Museum of the Mind
Pavilion 6 - Piazza Santa Maria della Pietà 5
Open Monday to Saturday 9.00-17.00
Ticket 7 euros
6 –Centrale Montemartini
Among the places of unusual Rome, she could not miss! There Centrale Montemartini was the first public electricity production plant in Rome at the beginning of the 900th century and, after the restructuring that took place in 1997, it has become an extraordinary example of industrial archeology converted into a museum. In one part of the rooms, in a suggestive juxtaposition between cast iron machinery and terracotta, bronze and mosaic finds, are exhibited many masterpieces that were part of the Capitoline Museums and of the former municipal Antiquarium remained closed for decades in the warehouses due to lack of space. This museum is awkwardly beautiful, it's one of my absolute favorites, and I still don't know why it's a very little visited museum (although seeing it practically for yourself is priceless!).
Via Ostiense 106
Open Tuesday to Sunday 9.00-19.00
Ticket 7,5 euros
7 - The EUR and the Fuksas Cloud
The EUR district (Universal Exposition of Rome) was born as a satellite city wanted by Mussolini on the occasion of the Universal Exposition of Rome which should have taken place in 1941-42, whose works, however, were suspended due to the outbreak of the war. In fact, the exhibition never took place. However, most of the gigantic fascist-style buildings were completed in the 50s and the district now houses some very interesting buildings, mainly housing museums, banks and ministries. Among the most beautiful buildings there is certainly the Palace of the Civilization of Labor also called 'square colosseum ', purchased from Fendi a few years ago it became its headquarters; every now and then we organize exhibitions and it is possible to visit it. Not far from there there is then the famous Nuvola, or the Rome Convention Center, a futuristic (by now not too much) international congress facility designed by Massimiliano and Doriana Fuksas, finally completed after years of controversy.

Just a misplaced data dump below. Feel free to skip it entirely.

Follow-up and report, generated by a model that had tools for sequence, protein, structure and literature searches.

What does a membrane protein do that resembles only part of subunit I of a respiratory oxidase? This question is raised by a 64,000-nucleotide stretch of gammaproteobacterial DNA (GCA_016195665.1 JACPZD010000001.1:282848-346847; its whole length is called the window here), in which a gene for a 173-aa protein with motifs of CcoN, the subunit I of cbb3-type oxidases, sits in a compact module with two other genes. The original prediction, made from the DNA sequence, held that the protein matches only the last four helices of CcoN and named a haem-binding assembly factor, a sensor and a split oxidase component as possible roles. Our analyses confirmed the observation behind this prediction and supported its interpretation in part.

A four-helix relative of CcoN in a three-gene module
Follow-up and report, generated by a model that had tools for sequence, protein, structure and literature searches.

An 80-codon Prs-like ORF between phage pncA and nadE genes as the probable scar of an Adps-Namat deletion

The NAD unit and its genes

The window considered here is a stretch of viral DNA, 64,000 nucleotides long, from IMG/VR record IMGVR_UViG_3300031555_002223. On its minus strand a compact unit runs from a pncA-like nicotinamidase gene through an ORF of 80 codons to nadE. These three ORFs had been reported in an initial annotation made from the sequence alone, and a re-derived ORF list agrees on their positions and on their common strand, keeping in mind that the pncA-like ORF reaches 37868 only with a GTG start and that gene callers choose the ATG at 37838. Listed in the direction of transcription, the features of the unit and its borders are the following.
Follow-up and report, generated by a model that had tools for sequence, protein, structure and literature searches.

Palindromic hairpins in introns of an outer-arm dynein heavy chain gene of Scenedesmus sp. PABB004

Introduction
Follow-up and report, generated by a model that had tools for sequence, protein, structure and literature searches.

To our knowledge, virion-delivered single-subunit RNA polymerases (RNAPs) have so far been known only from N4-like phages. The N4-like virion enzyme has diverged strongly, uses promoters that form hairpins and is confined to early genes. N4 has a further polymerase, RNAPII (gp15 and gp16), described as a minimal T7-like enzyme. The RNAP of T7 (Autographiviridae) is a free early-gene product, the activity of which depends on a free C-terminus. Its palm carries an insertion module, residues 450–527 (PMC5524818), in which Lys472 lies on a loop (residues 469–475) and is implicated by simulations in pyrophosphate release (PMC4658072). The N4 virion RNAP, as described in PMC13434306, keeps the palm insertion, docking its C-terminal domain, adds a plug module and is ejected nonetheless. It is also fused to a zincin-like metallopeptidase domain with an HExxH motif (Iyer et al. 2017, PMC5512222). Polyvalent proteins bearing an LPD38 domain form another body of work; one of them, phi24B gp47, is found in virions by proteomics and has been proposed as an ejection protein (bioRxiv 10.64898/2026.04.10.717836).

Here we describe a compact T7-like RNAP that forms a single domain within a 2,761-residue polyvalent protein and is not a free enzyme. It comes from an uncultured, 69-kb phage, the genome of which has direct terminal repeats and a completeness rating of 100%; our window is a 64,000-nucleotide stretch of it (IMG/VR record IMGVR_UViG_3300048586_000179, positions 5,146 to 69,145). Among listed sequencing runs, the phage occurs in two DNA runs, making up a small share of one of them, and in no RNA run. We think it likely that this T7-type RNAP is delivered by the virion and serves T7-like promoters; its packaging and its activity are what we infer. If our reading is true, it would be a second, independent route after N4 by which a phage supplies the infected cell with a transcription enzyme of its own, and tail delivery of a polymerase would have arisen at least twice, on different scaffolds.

Nuvola (Rome Convention Center)
Via Asia 40
Open only during extraordinary openings, events or fairs
8 - Non-Catholic cemetery
The Romans often call it the English cemetery because mostly Protestants are buried there, but in reality it is a non-Catholic cemetery and also houses the graves of illustrious atheists or Greek Orthodox people. It is a kind of secret garden just behind the Cestia pyramid, where the Testaccio district begins. Here Gadda, Goethe, Gramsci, Miriam Mafai, Keats, and many other poets, writers and famous people. Some tombs are truly spectacular and walking under these huge maritime pines in the company of cats, you can breathe an incredible air of peace. Also various members of the Bulgari family (of Greek Orthodox religion) are buried here and a subscription was launched by Bulgari to restore the cemetery.
Via Caio Cestio 5
Open Monday to Saturday 9.00-18.00